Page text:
Female executives are particularly prone to the sleep-disturbing effect of isolated high-strain jobs: a cross-sectional study in German-speaking executives


Michael C. Gadinger, Mannheim Institute for Public Health, Social and Preventive Medicine, University of Heidelberg, Mannheim Medical Faculty, Ludolf-Krehl-Strasse 7-11, 68167 Mannheim, Germany. Tel.: +49 621 3839922; fax: +49 621 3839920; e-mail: michael.gadinger@medma.uni-heidelberg.de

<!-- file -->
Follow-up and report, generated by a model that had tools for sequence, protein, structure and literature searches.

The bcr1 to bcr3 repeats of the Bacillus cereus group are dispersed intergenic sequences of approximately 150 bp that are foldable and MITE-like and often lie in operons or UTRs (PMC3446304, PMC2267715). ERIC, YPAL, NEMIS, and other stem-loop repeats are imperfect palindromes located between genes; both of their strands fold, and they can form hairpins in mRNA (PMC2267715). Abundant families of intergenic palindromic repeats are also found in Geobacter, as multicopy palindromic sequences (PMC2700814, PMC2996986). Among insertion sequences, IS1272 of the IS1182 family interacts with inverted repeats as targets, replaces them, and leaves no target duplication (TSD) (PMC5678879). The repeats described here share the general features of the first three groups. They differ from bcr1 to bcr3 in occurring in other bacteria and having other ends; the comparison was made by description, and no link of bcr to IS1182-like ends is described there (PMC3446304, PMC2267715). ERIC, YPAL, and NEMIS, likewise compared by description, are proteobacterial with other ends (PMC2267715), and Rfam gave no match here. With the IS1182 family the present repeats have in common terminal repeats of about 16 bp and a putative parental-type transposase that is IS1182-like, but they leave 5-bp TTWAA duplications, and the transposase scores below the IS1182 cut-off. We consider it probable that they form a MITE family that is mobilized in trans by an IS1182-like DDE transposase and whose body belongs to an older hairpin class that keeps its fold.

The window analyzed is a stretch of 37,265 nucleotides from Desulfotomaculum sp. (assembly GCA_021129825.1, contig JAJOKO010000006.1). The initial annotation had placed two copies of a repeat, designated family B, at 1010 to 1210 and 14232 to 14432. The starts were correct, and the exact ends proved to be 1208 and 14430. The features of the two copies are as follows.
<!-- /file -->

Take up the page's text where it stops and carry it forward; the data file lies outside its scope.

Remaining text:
This study assessed the main, curvilinear, interactive and gender-dependent effects of job demands, job control and social support in the prediction of sleep quality. Participants were 348 male and 76 female executives and managers from Germany, Austria and Switzerland. A multiple regression controlling for age, occupational hierarchy and various health behaviors was computed. On the level of the main effects of the Job–Demand–Control–Support (JDCS) model, the results indicate a sleep-promoting effect of social support. A significant three-way interaction of job demands, job control and social support was observed. This interaction confirms the buffering effect of high job control and high social support on high job demands. Further, this three-way interaction of the JDCS dimensions is moderated by gender as indicated by a significant four-way interaction. The directions of the significant interactions suggest that female executives are especially prone to react with impaired sleep quality when exposed to isolated high-strain jobs. The study seems to imply that the JDCS model is a suitable framework for the prediction of sleep quality among executives and managers. The results suggest that the JDCS model might contribute to a better understanding of the higher prevalence of poor sleep amongst female executives. Further, the results imply that high job control and high social support might help executives to maintain good sleep quality despite experiencing high job demands.